(RNS) — A few years after becoming the first female vice president in Tanzanian history, Samia Suluhu Hassan was sworn in Friday (March 19) as the country’s sixth president and the first female leader of East Africa’s largest country after the death of President John Magufuli on Wednesday.
Samia Suluhu Hassan, 61, is the third Muslim to lead Tanzania, is also the second woman to become head of state in East Africa, and the second Muslim woman who wears hijab to become president of a country in which Muslims are a minority.
The first was Halimah Yacob, president of Singapore since September 2017, but under the Singaporean system, the bulk of executive power is invested in the prime minister’s office.
A 2010 Pew Forum report said that 61% of Tanzania is Christian, with 35% Muslim and the remainder members of other faiths, but Tanzanian Muslims claim that demographic shifts in the past decade have made the numbers roughly even.
Magufuli will be remembered for his series of economic reforms while limiting civil rights and for being an avid COVID-19 denier. He curtailed international trips for many officials and himself, never traveling outside of Africa on state visits. He pushed back against a large-scale Chinese investment project. His salary of $4,000 was reportedly the lowest in Africa.
Hassan is a change from the bombastic predecessor. “In terms of personality she is very calm, considers matters thoroughly before making a decision,” said Omar Mjenga, president of the Centre for International Policy in Tanzania. “She is a mother; mothers are leaders. She has already proven herself in her other roles as both a good listener and someone the people listen to.”
Mjenga expects Hassan to appoint a Christian as her vice president in keeping with customary traditions of governance in the country.
Hassan regularly attends Friday prayers at Masjid Mikocheni, a mosque in Dar es Salaam.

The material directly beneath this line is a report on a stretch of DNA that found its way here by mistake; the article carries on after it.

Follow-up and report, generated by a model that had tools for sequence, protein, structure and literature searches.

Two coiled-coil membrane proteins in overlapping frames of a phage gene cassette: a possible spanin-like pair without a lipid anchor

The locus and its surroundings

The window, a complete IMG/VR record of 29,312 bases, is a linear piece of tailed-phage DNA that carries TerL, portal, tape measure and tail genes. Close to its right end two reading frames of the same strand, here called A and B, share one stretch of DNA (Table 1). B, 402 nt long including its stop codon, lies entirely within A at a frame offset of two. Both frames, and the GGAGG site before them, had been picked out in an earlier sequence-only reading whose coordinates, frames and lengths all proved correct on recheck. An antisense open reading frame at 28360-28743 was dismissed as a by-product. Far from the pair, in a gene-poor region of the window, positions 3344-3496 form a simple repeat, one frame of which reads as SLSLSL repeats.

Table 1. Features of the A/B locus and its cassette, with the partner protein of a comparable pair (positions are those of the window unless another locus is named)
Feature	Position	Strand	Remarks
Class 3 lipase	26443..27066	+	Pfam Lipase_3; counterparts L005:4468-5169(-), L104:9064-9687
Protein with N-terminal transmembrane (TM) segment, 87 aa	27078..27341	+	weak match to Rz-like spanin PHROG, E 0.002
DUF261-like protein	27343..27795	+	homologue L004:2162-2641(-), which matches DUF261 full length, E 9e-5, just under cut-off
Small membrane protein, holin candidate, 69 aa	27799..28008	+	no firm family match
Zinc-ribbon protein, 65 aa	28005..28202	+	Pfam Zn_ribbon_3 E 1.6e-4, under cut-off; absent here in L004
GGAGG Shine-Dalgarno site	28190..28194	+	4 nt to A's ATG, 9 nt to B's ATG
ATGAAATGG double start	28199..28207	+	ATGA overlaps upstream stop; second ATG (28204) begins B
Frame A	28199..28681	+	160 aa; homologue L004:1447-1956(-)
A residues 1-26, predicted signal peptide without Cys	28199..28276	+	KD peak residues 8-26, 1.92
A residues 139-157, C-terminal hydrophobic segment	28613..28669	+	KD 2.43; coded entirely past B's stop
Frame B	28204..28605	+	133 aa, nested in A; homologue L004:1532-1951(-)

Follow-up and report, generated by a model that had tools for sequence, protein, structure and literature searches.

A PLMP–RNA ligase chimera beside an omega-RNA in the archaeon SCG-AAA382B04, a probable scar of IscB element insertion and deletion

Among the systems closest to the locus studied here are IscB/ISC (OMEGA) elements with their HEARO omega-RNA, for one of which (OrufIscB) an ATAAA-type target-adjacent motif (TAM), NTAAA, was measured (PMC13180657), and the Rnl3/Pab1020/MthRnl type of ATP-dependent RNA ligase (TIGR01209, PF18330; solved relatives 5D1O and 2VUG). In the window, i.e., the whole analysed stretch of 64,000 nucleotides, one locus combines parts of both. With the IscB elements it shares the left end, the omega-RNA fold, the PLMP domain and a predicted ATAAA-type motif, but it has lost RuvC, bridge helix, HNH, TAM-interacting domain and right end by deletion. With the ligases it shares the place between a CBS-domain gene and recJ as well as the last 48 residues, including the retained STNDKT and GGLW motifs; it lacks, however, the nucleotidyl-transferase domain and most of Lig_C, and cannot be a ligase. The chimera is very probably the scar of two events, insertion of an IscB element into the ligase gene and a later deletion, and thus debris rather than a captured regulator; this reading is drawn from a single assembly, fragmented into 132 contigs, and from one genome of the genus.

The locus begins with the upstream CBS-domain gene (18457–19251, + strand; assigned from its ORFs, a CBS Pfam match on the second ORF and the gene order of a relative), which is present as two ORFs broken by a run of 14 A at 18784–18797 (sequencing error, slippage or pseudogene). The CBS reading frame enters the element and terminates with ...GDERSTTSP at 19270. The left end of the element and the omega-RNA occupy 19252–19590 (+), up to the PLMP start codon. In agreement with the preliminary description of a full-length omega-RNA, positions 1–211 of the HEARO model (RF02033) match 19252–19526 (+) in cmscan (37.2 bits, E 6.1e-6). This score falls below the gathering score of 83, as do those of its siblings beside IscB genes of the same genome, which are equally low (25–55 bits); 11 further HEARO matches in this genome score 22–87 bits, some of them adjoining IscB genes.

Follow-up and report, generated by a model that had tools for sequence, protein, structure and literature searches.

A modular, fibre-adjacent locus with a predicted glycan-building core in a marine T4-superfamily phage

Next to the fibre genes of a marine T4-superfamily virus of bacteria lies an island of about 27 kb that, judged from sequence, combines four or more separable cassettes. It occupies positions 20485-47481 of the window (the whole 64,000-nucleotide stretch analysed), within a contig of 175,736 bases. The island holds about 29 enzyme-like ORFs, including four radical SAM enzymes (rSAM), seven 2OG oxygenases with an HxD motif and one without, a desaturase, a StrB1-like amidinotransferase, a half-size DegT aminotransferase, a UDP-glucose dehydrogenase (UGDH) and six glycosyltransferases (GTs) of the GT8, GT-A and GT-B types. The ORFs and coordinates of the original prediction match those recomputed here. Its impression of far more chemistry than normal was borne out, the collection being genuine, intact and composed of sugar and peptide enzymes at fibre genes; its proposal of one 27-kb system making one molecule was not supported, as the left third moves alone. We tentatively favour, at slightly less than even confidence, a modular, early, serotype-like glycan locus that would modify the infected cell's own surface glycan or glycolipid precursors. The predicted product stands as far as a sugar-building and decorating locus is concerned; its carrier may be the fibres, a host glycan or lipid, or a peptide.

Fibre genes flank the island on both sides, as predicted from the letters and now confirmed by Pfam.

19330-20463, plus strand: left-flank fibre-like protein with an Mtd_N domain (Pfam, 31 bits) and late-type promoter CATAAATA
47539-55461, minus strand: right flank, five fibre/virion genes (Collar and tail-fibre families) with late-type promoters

In Tanzania, just like other African countries and the world more broadly, “some men have a myth that women are incapable of assuming certain duties like the presidency,” said Abbas Mwalimu, a Tanzanian political analyst. “This is what drives such skepticism among the people. Nevertheless, others believe that President Samia Suluhu Hassan will follow President Magufuli’s footsteps.”
Female politicians have played important roles in Tanzania, including during its struggle for independence after World War II. Hassan began her government career in 2000, when she became minister for labor, gender development and children.
She subsequently served as minister of tourism, trade and investment, and, from 2010 to 2015, she was minister of state for union affairs, a role in which she worked to head off a nascent independence movement in the semi-autonomous state of Zanzibar, her birthplace, in favor of continued union with Tanzania. She was elected Tanzania’s 10th vice president in 2015.
Dismas Karungu Massawe, director of programs at the Africa Center for Peace and Conflict Research, says he expects her to further cement ties between Tanzania and Zanzibar. “She will foster stronger ties that cement unity further. … her Zanzibari origin will play a critical role in making Zanzibari citizens feel more represented and nurture their loyalty to the Union.”
“We (hope) she will be keen on spearheading the country back toward the democratic path by creating a free and fair democratic space,” said Massawe.
This story has been corrected to reflect that Hassan is the third Muslim leader of Tanzania, not the second.